A story about what you yearn for
What is camping really about? Are the stories about matching tracksuits true or just a mischievous urban myth? Camping means no doubt different things to different people, and to different kinds of camper. For me camping is about getting away from it all, fellowship and relaxation! And I imagine that’s the same for all campers, in one way or another. A way of breaking out of the daily routine, of being yourself. Maybe that sounds pretentious and pompous. For the uninitiated, even quite absurd. How can freedom be squashing yourself into eight to ten square metres, or sleeping in a tent, with a 2cm thick bedroll and a sleeping bag the only things between you and bare earth?
Back then, when it all started, it was perhaps easier to understand the need to get away. Away from all the must do’s, the daily stress, the grinding routines. But why leave home comforts and the 60 inch TV now? For exactly the same reasons, I think. To get away from the musts and shoulds of life for a short while, and just be. And if that is the heart and soul of camping, if it has those, I don’t think that’s ever changed. Ever since campsites first began to appear, sometime around the start of the last century….
Before the early twentieth century it was only the very wealthiest who could be said to have any kind of free time at all. Industrialism came with working days of anything between twelve and sixteen hours long, six days a week. But gradually more and more people began to work shorter days on Saturdays, giving urban dwellers the opportunity to go away. Places that they chose to travel to by bike, train and later car, to walk, swim and relax, were often idyllic locations by the sea or lakes. And that’s why so many of Sweden’s campsites are set in glorious natural surroundings. Someone started it all off, no one knows who, but with time increasing numbers took a tent with them to stay overnight in, but also to shelter from bad weather or too much sun…
The campsite on the beach at Åsa was established on a more formal basis in 1934. But by then Åsa had already been a swimming and camping location for many years. Because nearly all the early campsites started spontaneously like that it’s hard to say which is the oldest in the country. But it’s highly likely that Åsa Camping & Havsbad is one of them.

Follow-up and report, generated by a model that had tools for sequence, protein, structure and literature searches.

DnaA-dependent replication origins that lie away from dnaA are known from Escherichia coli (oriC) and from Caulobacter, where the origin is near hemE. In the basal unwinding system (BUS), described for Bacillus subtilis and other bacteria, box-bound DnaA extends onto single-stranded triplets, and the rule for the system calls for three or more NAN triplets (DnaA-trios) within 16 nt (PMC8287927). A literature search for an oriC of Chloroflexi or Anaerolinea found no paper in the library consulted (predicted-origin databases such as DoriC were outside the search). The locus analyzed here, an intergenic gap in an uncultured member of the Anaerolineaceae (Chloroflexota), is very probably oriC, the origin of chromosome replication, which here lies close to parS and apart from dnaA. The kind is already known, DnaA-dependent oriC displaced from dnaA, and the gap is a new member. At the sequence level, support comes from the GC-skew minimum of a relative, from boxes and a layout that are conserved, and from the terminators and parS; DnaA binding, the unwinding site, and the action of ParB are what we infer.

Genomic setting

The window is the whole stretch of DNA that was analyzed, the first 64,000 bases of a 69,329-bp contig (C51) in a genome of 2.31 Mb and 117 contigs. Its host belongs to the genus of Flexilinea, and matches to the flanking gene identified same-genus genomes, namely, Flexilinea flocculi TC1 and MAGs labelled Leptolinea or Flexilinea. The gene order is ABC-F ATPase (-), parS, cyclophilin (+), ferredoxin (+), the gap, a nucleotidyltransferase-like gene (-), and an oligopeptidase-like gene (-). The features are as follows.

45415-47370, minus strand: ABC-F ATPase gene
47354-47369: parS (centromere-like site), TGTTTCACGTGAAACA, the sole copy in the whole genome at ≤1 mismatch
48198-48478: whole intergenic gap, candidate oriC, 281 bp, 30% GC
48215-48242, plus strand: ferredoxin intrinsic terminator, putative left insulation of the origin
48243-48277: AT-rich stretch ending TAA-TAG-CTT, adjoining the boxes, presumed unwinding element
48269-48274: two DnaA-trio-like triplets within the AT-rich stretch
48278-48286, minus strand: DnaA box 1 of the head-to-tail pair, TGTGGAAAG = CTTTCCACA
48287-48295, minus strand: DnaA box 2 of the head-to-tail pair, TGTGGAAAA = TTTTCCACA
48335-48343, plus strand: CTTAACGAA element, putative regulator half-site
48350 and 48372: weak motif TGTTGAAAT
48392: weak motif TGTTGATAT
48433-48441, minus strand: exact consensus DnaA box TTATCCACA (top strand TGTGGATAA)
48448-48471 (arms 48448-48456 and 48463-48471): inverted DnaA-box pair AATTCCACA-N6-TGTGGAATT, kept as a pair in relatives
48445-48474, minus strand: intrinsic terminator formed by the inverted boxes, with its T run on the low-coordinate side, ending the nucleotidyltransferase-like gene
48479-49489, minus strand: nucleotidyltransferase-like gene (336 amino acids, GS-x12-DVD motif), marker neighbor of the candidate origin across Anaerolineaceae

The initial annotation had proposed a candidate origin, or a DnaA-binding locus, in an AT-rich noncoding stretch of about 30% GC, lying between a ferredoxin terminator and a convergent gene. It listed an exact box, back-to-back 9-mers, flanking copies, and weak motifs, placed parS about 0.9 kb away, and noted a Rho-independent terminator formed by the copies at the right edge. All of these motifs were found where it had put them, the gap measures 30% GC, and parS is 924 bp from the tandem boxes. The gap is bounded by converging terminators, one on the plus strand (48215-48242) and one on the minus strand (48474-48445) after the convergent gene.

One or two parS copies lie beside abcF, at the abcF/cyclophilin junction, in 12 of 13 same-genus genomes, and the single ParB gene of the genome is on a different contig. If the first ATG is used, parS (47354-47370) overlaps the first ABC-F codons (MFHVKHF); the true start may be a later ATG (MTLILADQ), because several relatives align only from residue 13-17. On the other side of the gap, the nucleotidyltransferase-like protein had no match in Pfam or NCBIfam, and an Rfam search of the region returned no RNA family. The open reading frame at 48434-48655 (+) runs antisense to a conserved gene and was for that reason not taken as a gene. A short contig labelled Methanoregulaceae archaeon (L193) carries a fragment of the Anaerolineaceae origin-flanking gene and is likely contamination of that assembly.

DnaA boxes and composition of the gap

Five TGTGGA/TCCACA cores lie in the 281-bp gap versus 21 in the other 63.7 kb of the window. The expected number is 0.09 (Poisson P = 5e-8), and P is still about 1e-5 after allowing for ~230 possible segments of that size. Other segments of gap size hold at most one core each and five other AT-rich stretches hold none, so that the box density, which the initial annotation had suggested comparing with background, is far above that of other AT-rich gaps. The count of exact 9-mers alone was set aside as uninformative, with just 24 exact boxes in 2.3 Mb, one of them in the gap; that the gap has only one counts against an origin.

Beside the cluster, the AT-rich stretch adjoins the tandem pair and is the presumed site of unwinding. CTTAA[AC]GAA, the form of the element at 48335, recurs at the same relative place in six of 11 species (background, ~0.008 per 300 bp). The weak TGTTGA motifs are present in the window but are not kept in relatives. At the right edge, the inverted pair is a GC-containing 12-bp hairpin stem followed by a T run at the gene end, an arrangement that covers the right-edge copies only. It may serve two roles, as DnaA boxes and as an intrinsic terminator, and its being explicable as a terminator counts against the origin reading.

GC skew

Time went on. As getting a car became more possible, and when a new law gave everyone the right to have three weeks holiday in 1938, camping really took off. Ten years later Sörby Mekaniska Verkstad in Örebro make the first Swedish caravan. And the rest is history….
Increasing numbers continue to discover the freedom in camping. Nowadays there are campers in every socioeconomic group, from every part of the country and abroad, and of all ages. There are campsites by the sea, in the middle of the forest and on the fells. There are some with only twenty places and others with more than a thousand. There are campers who would never set foot on a minigolf course and those who see it as an essential requirement. It’s hard to say exactly how many people go camping each year. Some people have estimated that at least a million Swedes camp – that figure is likely to be higher. If there’s anything in common with them all it could be that most seem to be outgoing, sociable people, who like meeting others and don’t tend to be shy….
And even back then in the early days of camping, many headed to the same spot. Eskil, who on Midsummer Eve 1929 sent to his friend Josef in Gothenburg one of the postcards the pictures on this page come from, wrote that at Åsa “there are around 50 tents in a cluster”.
Despite there being an almost infinite amount of space people still chose to be near each other. A lovely image of how we folk, despite it sometimes appearing otherwise in the hurly burly of daily life, still wish others well and like being together.
Camping still offers unique opportunities to make new friends, in a way that seldom occurs in real life, where most of us just hang out with our peer group. You know, doctors socialise with other medical professionals, islanders with other islanders, pensioners with other pensioners and so on. It’s not like that on a campsite, where the finance director’s pitch is next to a pre-school teacher’s who has invited his opposite neighbour the lawyer over for drinks, who in her turn brings along the former taxi driver and his family…..
It seems pretty clear that those who first came to Åsa and started a campsite here did it because it’s in such a lovely natural setting by the sea, and to be able to socialise freely and enjoy the peace and quiet. And even if Åsa today is a modern site with everything you’d expect, we’re proud of our history and try to work in the same spirit that attracted Emil and others to find their way here.
Tracksuits then. Yes of course they’re a thing. Just like jeans, suits and everything in between – because you can be how you like on a campsite. And maybe that’s camping in a nutshell – the freedom to make your own choices, to be yourself, when you want. Åsa is our paradise by the sea. I hope it’ll become yours too!
/ / Peter